President Trump and President Xi are working to resolve potential tariff hikes. This doesn’t change the degree to which the U. S. feels threatened by China.
The highly anticipated meeting between U. S. President Donald Trump and Chinese President Xi Jinping at the G20 summit concluded last Saturday evening with no major breakthrough. Pundits who had hoped for a good trade deal between the U. S. and China are surely disappointed.
President Trump previously threatened to raise tariffs from 10 to 25 percent on about $250 billion worth of Chinese imports on January 1,2019. Now he has agreed to hold off on the tariff hike while both the Americans and Chinese delegations engage in trade negotiations for the next 90 days.
At present, President Xi has agreed not to impose any tit-for-tat response to current U. S. tariffs on Chinese imports. While stock markets and businesses worldwide can breathe a sigh of relief for now since the trade war will not get worse for another three months, the temporary truce can’t mask the deep divisions between the United States and China.
From the U. S. perspective, the rise of China has transitioned from a hope to a disappointment to a threat. When former president Richard Nixon visited Communist China in 1972 and established a diplomatic relationship, 99 percent of Chinese people made less than $2 a day and China’s per capita gross domestic product was less than $200. The Chinese people were poorer than people in Bangladesh, to put it into perspective.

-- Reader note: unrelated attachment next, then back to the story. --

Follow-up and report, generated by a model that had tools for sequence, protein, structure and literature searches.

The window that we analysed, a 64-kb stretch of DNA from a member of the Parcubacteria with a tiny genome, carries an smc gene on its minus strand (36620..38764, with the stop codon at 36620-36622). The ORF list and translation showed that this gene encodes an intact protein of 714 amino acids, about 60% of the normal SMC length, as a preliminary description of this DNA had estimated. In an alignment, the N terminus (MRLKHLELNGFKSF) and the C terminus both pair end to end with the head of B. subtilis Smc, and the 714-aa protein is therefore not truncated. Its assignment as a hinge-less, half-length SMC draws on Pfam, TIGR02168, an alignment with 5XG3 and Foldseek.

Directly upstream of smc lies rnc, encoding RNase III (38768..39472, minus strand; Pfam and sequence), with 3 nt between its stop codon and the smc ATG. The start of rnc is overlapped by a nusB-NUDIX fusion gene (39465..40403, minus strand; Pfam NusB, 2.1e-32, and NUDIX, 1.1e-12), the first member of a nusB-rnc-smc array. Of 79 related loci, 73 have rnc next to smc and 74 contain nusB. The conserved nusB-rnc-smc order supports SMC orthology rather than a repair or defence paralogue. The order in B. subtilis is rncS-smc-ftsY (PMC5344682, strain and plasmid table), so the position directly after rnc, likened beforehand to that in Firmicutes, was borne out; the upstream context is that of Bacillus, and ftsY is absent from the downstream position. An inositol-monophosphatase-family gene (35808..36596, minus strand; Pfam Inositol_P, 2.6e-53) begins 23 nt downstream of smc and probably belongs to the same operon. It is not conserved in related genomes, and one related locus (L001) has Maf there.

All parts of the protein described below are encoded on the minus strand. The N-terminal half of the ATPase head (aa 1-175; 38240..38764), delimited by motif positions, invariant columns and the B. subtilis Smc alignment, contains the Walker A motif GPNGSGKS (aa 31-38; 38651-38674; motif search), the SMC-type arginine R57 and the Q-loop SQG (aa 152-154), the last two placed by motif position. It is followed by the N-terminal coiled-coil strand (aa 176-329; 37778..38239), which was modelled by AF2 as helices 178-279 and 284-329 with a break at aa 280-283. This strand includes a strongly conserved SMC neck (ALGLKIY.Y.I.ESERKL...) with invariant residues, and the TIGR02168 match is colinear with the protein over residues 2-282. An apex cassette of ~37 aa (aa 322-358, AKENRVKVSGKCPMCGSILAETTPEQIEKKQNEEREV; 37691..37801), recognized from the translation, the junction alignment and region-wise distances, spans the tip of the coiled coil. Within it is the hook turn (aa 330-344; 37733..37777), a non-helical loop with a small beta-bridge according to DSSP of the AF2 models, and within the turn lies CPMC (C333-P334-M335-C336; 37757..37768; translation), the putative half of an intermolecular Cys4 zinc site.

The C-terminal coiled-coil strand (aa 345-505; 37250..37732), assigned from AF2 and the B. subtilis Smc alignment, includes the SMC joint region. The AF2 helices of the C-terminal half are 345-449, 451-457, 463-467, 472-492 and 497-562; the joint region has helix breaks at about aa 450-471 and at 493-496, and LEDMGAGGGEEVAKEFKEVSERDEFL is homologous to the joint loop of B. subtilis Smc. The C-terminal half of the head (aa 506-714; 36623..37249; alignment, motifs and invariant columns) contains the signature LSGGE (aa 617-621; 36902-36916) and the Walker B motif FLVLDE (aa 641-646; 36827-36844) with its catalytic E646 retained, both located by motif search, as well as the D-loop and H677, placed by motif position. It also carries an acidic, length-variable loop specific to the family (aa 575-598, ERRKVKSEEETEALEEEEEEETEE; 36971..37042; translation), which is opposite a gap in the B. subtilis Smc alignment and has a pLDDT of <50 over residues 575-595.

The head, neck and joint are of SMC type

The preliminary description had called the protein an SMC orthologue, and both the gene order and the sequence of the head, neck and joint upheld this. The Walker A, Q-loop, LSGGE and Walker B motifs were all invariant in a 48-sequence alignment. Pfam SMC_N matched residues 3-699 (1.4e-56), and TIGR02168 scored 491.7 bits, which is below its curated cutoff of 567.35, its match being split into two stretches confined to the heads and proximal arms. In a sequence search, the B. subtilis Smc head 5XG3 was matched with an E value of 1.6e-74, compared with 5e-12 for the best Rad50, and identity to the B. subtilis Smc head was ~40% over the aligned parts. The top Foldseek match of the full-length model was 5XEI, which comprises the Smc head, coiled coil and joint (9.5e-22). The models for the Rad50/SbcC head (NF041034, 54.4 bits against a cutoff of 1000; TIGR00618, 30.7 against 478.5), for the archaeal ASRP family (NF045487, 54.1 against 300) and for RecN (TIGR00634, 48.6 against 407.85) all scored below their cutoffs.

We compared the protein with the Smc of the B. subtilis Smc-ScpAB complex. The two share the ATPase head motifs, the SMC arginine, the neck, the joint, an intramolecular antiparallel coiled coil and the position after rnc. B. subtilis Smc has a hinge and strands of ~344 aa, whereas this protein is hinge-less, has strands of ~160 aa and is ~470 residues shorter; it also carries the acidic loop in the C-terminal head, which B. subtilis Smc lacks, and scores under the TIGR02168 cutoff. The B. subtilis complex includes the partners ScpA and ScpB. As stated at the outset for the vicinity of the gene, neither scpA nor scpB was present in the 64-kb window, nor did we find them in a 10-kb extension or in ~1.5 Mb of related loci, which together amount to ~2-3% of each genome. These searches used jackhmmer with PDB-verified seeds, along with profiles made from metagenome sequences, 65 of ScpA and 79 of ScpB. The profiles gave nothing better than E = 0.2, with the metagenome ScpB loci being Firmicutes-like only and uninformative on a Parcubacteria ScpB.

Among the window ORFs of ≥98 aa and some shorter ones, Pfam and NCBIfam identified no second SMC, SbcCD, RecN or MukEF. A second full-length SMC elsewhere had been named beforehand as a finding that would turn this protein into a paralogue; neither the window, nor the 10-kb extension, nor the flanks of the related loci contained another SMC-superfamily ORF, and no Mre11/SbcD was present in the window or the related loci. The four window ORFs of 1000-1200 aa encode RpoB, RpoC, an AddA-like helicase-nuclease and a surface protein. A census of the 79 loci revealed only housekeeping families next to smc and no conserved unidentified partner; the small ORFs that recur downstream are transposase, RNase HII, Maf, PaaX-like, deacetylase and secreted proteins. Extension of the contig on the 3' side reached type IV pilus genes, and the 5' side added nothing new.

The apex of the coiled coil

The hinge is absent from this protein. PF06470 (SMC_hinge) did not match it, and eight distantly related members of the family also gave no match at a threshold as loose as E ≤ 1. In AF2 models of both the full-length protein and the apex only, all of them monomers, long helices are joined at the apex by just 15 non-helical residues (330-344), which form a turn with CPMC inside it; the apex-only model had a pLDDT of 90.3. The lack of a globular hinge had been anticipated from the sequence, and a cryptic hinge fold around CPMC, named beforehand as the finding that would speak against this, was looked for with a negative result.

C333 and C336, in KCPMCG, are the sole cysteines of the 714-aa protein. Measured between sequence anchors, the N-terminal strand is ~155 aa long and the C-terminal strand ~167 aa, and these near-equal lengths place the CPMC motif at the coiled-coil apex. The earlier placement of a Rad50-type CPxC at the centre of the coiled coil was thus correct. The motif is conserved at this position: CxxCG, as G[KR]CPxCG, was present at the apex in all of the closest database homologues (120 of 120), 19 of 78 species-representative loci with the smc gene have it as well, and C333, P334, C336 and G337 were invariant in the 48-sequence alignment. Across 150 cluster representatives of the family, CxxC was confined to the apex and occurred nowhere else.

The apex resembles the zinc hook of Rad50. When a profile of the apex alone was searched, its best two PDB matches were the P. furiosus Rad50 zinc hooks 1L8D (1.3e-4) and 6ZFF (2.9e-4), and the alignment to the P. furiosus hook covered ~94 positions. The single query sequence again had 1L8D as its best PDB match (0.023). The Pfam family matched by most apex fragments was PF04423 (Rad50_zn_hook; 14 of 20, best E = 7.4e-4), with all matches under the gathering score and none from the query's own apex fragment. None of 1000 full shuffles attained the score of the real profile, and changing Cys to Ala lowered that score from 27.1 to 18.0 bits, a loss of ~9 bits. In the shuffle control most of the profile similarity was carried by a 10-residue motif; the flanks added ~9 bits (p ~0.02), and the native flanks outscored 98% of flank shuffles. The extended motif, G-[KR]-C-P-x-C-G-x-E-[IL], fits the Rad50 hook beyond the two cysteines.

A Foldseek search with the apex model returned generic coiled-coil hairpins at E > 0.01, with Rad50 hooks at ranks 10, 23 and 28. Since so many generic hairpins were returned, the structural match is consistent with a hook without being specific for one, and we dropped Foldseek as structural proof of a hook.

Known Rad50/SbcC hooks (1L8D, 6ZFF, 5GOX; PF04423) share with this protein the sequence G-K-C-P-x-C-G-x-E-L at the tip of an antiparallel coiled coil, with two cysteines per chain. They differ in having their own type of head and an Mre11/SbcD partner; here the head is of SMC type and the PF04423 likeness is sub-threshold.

In 2017, China’s GDP per capita was close to $9,000. Global poverty rates have been cut in half since 1981, mainly because of China’s impressive economic growth. This economic growth has a lot to do with the Chinese people’s ingenuity and certain market-friendly policies from their central government. But China often fails to mention that China wouldn’t have had almost four decades of impressive growth without the West, especially the United States, providing markets for Chinese goods, bringing foreign investment to China to build factories, and training millions of talented Chinese students at Western colleges and universities.
Starting with Nixon and his secretary of state, Henry Kissinger, successions of American leaders––including presidents, policy makers, and advisers––had hoped that through investment, economic aid, military assistance, and cultural exchange, Americans could turn China into a democratic country with a market economy that had no ambition to challenge the rule-based global power structure the United States established at the end of World War II.
That hope was first seriously challenged in the late ‘80s and early ‘90s– on the political front, when pro-democracy students were suppressed in Tiananmen Square in 1989, and on the economic front when western businesses began to encounter problems with Chinese piracy of CDs, Holly­wood movies, and handbags.
But the United States, under President Bill Clinton, decided that continuing engagement would eventually turn China around.

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